Brisbane-based contemporary circus company, Casus, was formed in 2011 by established solo artists Emma Serjeant, Lachlan MacAulay, Jesse Scott and Natano Fa’anana. Their sensational debut collaboration Knee Deep has been performed widely in Australia and around the world, and this is its second visit to the Brighton Fringe.
In the atmospheric setting of the Spiegeltent the audience sits on three sides of an elevated thrust stage, a bare, well-lit setting that dramatically foregrounds the position and action of each performer. Knee Deep opens with Emma Serjeant skilfully walking on a couple of boxes full of eggs without a single crack. This impressive opening signals what is to come: a striking performance that tests the limits of body strength and poise through acrobatics, aerial work, and acrobalance, with impeccable timing and spatial acuity. The performers skilfully climb up one another, roll over each other, vertically interlink their bodies like rings in a chain, or forcefully push and pull on one another. Besides their bodies as the main apparatus of the show, they use a few acrobatic tools such as trapeze bar, strands of silk, ropes, and hula-hoops, that allow them to hang upside down, briefly plunge or interlace with each other. As the bodies move breathtakingly on the stage, the audience feels a throbbing in their hearts, sometimes jumping in their seats moved by both the palpable risk and warmth emanating from the stage.
This visual feast is formed of a series of vignettes each marked by idiosyncratic music ranging from jazz and acoustic to electronic and chamber music by Kronos Quartet, Sentieri Selvaggi, Gil Scott-Heron among others. The carefully structured sound design enhances the intensity of the visual acts on the stage, deepening the impact of every physical action, be it a quick and powerful aerial move, funny trick or gentle hand balancing. Black Angels by Kronos Quartet creates tension as Serjeant is walking on the eggs, Metrorail Thru Space by Cut Chemist forms a playful mood during the performers’ acrobatic moves.
The group has a noteworthy harmony and equality in the ways the performance is divided up, as well as in terms of their physical capacities. The performers move fluidly on and off stage, into and out of the spotlight, supporting one another in different configurations, but all four are given equal prominence. The only female performer, Emma Serjeant, is striking when she smoothly carries and supports two of the male performers on her back. Beyond their accord as an ensemble, each member of the troupe also shows his/her individual skills through solos: Natano Fa’anana climbs up, folds and unfolds himself through the strands of silk, amplifying this image by simultaneously creating an origami bird whose flightless wings stand in stark contrast to his own stunning aerial display; Jesse Scott skilfully stands on his head to duet engagingly with a single egg; Lachlan MacAulay does acrobatic turns on the rope as if he was dancing with it; and Serjeant pushes the limits of balance and flexibility whilst hand balancing on Russian-style rods. Beyond their remarkable skills, vigour and potency, what is momentously arresting in their performance is the fact that they do not attempt to present the audience with perfection. Throughout the performance the audience clearly sees the struggle and resistance of the performers’ bodies as their muscles contract, arms shake and they sweat. As much as the strength of the body, its fragility and boundaries are revealed, making the stunning acts on the stage more down to earth without reducing their jaw-dropping impact on the audience.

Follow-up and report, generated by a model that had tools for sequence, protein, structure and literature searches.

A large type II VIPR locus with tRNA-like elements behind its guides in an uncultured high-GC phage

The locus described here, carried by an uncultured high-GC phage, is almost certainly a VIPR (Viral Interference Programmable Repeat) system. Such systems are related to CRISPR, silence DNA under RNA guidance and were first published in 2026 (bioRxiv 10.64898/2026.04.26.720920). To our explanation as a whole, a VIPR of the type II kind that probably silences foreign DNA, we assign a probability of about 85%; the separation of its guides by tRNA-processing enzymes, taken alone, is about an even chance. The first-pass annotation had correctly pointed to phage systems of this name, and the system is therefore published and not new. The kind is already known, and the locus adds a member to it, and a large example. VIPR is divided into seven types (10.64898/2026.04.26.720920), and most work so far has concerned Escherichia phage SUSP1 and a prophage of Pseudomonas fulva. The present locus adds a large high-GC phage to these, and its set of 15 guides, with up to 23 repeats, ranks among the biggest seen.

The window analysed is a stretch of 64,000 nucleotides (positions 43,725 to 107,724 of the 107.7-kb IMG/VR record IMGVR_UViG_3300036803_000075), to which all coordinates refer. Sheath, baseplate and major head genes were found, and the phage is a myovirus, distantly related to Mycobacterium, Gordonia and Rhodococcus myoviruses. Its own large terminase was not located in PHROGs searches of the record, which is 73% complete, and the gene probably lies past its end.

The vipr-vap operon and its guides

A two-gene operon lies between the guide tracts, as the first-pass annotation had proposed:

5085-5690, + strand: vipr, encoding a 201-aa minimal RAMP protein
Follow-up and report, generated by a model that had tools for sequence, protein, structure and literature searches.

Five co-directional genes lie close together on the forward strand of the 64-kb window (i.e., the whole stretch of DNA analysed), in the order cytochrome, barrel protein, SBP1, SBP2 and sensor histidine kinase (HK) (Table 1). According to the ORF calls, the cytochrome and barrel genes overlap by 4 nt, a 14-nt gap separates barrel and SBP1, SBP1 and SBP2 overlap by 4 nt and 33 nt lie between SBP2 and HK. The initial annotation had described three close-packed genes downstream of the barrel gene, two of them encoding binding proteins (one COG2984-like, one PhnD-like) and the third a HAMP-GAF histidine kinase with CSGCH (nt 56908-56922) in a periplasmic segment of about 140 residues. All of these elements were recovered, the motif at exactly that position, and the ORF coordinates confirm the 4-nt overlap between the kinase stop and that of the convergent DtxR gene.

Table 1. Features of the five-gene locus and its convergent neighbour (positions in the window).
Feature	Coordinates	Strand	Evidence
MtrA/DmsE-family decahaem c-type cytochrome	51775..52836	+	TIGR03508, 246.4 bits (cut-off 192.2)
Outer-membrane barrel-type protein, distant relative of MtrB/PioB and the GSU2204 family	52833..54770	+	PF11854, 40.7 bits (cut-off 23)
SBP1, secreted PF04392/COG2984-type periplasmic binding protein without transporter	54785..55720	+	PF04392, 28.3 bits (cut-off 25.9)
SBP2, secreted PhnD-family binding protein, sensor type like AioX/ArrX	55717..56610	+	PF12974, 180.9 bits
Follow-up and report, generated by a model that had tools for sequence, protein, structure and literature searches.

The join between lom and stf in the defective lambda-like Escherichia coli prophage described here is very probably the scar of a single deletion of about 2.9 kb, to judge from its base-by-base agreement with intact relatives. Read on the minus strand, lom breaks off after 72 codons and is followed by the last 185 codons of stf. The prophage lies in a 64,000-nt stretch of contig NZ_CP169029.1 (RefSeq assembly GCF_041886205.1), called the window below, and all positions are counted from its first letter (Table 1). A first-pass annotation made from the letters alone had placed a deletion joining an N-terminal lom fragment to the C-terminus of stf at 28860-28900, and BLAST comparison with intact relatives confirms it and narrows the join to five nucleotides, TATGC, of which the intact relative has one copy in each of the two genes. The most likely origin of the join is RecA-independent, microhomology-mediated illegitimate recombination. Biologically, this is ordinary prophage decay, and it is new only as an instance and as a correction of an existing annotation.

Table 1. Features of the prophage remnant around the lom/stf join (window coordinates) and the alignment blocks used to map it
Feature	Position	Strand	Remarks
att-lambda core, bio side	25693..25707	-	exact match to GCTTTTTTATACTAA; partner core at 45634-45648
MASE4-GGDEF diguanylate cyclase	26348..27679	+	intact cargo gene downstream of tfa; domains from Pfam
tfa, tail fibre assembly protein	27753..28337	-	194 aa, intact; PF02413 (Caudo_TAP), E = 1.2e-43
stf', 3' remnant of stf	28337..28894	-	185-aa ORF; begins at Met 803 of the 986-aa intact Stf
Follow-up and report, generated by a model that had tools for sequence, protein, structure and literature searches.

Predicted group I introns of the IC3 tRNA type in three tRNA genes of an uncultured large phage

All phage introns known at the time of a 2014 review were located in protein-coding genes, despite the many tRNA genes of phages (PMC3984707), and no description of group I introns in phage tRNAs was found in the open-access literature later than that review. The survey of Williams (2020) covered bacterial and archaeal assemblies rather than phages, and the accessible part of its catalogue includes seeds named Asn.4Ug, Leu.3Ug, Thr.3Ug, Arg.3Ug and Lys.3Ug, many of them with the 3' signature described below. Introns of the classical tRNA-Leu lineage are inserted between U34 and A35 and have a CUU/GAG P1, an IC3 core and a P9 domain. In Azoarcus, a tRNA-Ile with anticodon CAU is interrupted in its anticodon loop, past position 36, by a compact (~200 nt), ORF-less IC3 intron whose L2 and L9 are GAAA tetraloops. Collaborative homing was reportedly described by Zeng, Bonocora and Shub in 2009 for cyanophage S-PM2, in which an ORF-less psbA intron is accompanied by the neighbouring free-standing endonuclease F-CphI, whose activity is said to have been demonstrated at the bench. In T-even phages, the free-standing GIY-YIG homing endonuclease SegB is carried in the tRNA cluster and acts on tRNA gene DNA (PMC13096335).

Eggs are a recurring motif throughout the show: being hammered into (without cracking), balanced upon, dropped from a height, even serenaded through acrobatics. This central image’s delicate yet hard shell hints towards the fragility as well as the strength of human body and existence. This analogy between the fragility of eggs and delicacy of human beings becomes more momentous when eggs accidentally get broken in some sequences. However, the imagery of eggs remains ambiguous in the show: its uses are not intelligibly interlinked and contextualised within the performance, its potential not fully realised as an idea, though certainly creating electrifying wow-effects.
The show’s other recurrent theme is defined by the company as a journey through ‘fleeting relationships’. During the show there are instances of pushing and pulling of bodies, of connection through human chains and towers that evoke the ephemerality of human relationships as well as the sense of need and desire for bonding. The performances have visibly emotional notes: actions are laughing and warm, or tentative, or provocative. We are encouraged to see the human figures behind the performing bodies.
Knee Deep is striking visual poetry, a technically robust and tight production, which mesmerises its audience mainly with the strength and dexterity of its performers. Yet its treatment of the themes the company obviously intends to weave in remain momentary and tenuous as an aerial flip and don’t leave any lasting impression. What does remain is the sense of a beautifully choreographed, captivating circus performance offering an insight into the changing face of modern circus by placing its performers as fragile human characters squarely in the spotlight.